JOSIAH TATTNALL was born in Beaufort, South Carolina, circa 1762. He grew up on Bonaventure Plantation on St. Augustine Creek near Savannah. At the start of the Revolutionary War, he went with his father to England, avoiding the war and enrolling in Eton College. He returned to Georgia and purchased his family’s old plantation from John Habersham in 1785. He was a major in the Chatham County regiment of militia in 1790 and in 1801 was commissioned a brigadier general. Tattnall entered politics as a member of the Georgia House of Representatives. He also served in the U.S. Senate from 1796 to 1799, in the vacancy created when Senator James Jackson resigned. The state legislature elected Tattnall Governor of Georgia, and on November 7, 1801, he was sworn into office. During his tenure, he dealt with the ongoing resentment that had developed over the Yazoo land controversy. Due to his declining health, Tattnall resigned from the governorship on November 4, 1802, and traveled to Nassau in an effort to regain his strength. Governor Josiah Tattnall, who was recognized with initiating the importation of island cotton from the Bahamas into Georgia, died on June 6, 1803, in Nassau. He is buried in the Bonaventure Cemetery in Savannah, Georgia. Tattnall County in Southeast Georgia was named in his honor.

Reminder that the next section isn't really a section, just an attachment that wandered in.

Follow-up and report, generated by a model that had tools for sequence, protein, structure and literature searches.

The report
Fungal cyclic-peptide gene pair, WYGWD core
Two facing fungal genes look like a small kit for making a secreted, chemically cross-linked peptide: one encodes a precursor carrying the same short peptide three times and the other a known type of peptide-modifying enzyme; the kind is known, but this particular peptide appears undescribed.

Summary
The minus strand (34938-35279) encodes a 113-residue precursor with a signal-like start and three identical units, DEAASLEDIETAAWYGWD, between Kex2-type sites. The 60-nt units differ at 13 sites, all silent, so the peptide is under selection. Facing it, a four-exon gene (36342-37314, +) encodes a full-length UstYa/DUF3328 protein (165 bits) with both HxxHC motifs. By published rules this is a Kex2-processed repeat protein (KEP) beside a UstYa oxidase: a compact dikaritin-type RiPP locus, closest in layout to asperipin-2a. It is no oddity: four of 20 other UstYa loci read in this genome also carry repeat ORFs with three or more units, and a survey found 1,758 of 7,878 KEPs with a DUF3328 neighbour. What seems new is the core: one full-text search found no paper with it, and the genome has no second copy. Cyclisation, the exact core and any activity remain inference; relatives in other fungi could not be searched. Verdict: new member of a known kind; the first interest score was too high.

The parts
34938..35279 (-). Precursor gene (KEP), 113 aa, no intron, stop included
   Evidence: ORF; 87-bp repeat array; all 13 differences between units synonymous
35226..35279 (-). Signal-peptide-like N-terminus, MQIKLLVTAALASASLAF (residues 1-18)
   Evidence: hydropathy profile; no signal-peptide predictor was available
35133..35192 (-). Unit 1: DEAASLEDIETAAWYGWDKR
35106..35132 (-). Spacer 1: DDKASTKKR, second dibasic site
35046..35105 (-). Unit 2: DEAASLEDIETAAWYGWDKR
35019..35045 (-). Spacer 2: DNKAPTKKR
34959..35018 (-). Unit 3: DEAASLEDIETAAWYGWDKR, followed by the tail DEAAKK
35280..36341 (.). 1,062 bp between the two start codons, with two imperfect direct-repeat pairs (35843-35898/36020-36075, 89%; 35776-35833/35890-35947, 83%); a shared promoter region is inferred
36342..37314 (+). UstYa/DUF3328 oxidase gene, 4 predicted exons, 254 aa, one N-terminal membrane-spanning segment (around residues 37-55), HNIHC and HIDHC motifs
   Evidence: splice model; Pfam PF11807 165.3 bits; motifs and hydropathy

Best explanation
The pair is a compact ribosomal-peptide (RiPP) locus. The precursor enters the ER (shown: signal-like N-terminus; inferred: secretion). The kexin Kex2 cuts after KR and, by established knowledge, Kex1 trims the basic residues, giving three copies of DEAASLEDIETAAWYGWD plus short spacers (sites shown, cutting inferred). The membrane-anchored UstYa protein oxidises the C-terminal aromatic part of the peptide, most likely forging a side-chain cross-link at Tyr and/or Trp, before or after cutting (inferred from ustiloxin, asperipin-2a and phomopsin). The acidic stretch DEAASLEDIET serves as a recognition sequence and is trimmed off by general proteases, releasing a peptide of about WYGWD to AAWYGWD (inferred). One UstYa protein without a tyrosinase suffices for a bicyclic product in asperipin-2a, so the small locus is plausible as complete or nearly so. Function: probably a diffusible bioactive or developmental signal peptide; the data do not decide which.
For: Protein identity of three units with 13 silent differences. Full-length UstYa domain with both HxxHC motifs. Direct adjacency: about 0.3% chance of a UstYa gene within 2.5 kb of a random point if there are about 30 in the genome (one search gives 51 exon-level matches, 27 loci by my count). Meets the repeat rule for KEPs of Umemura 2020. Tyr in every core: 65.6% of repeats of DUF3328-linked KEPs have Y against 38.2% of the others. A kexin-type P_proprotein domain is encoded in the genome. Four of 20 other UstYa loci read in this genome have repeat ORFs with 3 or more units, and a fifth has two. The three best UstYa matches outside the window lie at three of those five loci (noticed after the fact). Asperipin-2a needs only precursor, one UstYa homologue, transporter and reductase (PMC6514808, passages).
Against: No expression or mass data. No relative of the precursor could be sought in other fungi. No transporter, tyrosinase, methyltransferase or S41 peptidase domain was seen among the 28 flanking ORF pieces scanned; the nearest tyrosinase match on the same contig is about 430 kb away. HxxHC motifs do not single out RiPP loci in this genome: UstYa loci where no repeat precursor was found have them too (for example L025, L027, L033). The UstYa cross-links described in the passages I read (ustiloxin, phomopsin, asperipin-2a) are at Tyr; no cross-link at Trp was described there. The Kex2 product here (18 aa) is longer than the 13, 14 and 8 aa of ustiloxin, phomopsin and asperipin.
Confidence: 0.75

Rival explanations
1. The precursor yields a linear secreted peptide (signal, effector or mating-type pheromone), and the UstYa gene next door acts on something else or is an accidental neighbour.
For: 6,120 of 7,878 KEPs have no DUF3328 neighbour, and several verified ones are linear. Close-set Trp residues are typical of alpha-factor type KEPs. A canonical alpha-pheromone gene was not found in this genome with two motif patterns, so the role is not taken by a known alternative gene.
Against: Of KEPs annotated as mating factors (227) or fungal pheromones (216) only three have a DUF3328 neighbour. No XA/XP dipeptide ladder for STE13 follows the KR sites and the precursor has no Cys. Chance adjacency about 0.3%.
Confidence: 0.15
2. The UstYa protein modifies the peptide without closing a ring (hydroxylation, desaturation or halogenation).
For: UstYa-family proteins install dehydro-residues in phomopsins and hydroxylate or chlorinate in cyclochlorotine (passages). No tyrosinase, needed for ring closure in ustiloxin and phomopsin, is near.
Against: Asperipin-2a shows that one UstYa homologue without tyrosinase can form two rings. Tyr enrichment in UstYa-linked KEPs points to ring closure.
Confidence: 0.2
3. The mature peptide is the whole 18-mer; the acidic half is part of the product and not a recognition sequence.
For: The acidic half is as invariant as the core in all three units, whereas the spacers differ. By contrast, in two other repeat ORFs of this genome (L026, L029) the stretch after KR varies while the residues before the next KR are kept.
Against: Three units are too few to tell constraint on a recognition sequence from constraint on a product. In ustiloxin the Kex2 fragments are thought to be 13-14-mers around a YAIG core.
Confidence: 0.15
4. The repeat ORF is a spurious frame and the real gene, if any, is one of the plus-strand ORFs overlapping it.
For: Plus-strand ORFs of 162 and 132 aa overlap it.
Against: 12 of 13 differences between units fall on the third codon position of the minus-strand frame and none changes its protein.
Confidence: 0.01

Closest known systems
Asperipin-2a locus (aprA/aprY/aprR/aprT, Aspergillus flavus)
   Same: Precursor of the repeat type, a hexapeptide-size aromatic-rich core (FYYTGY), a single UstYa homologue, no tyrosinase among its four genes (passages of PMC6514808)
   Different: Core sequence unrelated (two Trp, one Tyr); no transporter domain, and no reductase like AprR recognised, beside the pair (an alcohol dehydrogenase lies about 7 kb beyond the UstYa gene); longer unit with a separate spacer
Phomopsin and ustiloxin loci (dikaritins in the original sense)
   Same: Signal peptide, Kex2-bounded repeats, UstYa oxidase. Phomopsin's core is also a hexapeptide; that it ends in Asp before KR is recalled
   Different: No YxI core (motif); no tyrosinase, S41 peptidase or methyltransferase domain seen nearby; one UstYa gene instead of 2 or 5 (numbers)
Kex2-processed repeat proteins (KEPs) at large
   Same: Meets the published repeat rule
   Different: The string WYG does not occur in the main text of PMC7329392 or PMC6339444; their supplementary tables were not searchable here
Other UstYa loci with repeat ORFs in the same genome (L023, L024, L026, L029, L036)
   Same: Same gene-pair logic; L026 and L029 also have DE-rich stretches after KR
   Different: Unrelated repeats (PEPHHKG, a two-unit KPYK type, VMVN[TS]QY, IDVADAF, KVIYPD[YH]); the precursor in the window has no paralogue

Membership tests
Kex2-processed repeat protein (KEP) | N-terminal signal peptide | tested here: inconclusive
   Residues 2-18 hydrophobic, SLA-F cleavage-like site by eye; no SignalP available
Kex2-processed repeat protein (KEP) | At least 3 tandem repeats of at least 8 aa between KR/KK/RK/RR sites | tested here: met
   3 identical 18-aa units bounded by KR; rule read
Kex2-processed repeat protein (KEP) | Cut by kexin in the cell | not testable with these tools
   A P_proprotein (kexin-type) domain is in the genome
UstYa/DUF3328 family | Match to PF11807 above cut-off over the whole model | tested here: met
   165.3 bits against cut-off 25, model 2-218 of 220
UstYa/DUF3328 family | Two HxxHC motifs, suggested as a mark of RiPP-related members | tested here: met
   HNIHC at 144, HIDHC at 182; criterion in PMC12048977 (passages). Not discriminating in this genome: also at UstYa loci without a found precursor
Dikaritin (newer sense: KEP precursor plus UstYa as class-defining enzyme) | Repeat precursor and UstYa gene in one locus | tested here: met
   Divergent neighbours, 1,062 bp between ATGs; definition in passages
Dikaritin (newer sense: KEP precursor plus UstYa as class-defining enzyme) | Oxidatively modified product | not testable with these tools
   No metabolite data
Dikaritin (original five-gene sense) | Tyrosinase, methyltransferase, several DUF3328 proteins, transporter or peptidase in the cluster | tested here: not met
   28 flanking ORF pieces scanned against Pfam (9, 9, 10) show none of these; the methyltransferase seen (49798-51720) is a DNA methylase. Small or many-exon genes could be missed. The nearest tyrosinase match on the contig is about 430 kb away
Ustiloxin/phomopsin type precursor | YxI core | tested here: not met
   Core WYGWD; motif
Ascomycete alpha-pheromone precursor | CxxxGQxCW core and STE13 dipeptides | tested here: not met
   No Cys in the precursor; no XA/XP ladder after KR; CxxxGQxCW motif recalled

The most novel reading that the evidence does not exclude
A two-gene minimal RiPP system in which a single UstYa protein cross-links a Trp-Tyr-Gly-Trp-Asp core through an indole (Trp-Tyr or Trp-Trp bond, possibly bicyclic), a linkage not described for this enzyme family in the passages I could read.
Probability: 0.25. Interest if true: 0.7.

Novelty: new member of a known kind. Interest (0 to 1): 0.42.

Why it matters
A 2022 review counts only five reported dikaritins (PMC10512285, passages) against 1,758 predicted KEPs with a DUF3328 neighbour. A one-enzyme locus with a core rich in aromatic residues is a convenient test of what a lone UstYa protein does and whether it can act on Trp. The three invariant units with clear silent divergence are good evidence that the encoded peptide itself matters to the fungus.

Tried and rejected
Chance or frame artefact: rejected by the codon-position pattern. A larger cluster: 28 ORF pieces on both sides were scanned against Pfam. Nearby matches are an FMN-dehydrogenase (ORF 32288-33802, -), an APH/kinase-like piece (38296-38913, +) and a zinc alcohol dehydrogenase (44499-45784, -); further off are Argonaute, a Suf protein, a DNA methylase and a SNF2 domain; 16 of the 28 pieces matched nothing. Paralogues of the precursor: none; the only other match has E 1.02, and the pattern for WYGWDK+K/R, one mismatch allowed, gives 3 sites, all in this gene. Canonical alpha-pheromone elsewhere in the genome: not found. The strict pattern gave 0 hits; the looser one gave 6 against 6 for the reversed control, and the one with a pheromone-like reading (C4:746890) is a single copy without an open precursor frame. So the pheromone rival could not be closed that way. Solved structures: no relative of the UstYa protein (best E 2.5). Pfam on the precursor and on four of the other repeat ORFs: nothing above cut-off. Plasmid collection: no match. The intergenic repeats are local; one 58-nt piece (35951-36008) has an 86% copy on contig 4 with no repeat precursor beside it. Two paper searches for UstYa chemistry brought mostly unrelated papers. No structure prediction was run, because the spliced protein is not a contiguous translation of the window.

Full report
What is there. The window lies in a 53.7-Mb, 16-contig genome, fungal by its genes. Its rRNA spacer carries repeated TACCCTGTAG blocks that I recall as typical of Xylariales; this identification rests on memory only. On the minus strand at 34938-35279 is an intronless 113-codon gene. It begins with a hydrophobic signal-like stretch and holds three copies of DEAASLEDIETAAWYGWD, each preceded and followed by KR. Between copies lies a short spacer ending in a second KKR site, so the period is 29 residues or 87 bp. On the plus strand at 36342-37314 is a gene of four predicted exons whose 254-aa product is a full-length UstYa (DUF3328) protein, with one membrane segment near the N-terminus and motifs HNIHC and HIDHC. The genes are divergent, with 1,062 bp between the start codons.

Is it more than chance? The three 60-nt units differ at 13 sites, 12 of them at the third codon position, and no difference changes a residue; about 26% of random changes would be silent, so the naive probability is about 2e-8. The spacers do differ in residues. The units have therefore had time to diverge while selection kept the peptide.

Cook, James F. Governors of Georgia, 1754-2004. 3d ed. Macon, Ga.: Mercer University Press, 2005.
Sobel, Robert, and John Raimo, eds. Biographical Directory of the Governors of the United States, 1789-1978, Vol. 1, Westport, Conn.; Meckler Books, 1978. 4 vols.